So allegedly Amazon UK sold some AMD A8-7600 APUs, but they actually shipped Athlon 64 X2 5200+ CPUs. Despite what you would think, it was actually “dispatched and sold” by Amazon UK itself, rather than a dishonest seller who has some explaining to do. For those affected, Amazon is apparently handling customer service well, as expected, and promptly replacing the parts. It does not seem to affect other regions, and the problem started just a short time ago.
Unless you're Sebastian, these processors will not even fit in the motherboard socket. PC World has an interesting side-by-side comparison of the two pin configurations. They do not look alike at all. You should not have a hard time identifying the problem if you are careful enough to look before you insert, which is obviously something that you shouldn't have to do. Also, AMD refers customers to their authenticity support page for a few extra ways to be sure that the box that you got came from AMD.
What would be the most interesting part of this story is finding out what happened. Unfortunately, we probably will never know, unless it turns into a famous legal battle of some sort.
Subject: General Tech, Graphics Cards, Mobile | February 11, 2015 - 08:00 AM | Scott Michaud
Tagged: shieldtuesday, shield, nvidia, gridtuesday, grid, graphics drivers, geforce, drivers
Update: Whoops! The title originally said "374.52", when it should be "347.52". My mistake. Thanks "Suddenly" in the comments!
Two things from NVIDIA this week, a new driver and a new game for the NVIDIA GRID. The new driver aligns with the release of Evolve, which came out on Tuesday from the original creators of Left4Dead. The graphics vendor also claims that it will help Assassin's Creed: Unity, Battlefield 4, Dragon Age: Inquisition, The Crew, and War Thunder. Several SLi profiles were also added for Alone in the Dark: Illumination, Black Desert, Dying Light, H1Z1, Heroes of the Storm, Saint's Row: Gat out of Hell, Total War: Attila, and Triad Wars.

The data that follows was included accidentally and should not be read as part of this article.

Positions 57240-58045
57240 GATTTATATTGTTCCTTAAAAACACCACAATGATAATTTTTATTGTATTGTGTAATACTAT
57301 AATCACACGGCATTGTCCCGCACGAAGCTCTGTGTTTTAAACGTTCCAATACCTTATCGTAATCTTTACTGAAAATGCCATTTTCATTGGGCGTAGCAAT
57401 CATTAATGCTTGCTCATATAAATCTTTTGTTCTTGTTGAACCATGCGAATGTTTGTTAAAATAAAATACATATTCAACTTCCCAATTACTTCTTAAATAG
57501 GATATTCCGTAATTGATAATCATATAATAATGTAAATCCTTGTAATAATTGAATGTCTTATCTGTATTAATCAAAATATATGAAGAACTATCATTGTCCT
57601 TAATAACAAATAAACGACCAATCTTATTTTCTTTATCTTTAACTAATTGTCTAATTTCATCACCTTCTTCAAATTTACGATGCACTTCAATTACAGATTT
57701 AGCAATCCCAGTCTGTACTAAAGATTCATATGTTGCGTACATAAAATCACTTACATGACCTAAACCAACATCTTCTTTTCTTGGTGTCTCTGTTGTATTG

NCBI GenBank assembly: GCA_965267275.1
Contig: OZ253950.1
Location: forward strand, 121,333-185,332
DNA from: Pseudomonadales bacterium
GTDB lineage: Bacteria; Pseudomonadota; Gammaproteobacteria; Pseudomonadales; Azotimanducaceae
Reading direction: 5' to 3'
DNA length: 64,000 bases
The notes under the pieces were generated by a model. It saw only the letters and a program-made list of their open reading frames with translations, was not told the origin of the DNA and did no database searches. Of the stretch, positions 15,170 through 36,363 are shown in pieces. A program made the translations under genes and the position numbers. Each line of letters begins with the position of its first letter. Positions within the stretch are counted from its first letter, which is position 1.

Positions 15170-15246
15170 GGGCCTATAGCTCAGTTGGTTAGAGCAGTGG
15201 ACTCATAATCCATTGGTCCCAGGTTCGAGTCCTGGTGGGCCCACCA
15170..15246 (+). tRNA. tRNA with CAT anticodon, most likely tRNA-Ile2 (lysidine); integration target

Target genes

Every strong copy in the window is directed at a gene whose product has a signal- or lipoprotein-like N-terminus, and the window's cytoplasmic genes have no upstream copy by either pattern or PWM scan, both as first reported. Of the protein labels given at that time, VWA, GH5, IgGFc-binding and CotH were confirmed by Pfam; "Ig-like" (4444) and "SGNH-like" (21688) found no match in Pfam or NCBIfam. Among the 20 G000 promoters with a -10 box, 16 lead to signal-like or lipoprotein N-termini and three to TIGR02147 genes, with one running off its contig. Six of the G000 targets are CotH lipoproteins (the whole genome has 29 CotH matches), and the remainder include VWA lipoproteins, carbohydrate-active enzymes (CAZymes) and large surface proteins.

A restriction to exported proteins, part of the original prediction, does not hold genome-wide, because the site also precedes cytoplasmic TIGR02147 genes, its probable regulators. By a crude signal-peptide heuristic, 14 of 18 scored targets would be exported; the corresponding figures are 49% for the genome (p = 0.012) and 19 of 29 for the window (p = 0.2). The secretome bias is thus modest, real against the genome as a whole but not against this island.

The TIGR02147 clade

On the same day, NVIDIA released Brothers: A Tale of Two Sons on GRID, bringing the number of available games up to 37. This game came out in August 2013 and received a lot of critical praise. Its control style is unique, using dual-thumbstick gamepads to simultaneously control both characters. More importantly, despite being short, the game is said to have an excellent story, even achieving Game of the Year (2013) for TotalBiscuit based on its narrative, which is not something that he praises often.
I'd comment on the game, but I've yet to get the time to play it. Apparently it is only a couple hours long, so maybe I can fit it in somewhere.
Also, they apparently are now calling this “#SHIELDTuesday” rather than “#GRIDTuesday”. I assume this rebranding is because people may not know that GRID exists, but they would certainly know if they purchased an Android-based gaming device for a couple hundred dollars or more. We could read into this and make some assumptions about GRID adoption rates versus SHIELD purchases, or even purchases of the hardware itself versus their projections, but it would be pure speculation.
Both announcements were made available on Tuesday, for their respective products.
Subject: General Tech | February 10, 2015 - 02:11 PM | Jeremy Hellstrom
Tagged: microsoft, windows 10, rumour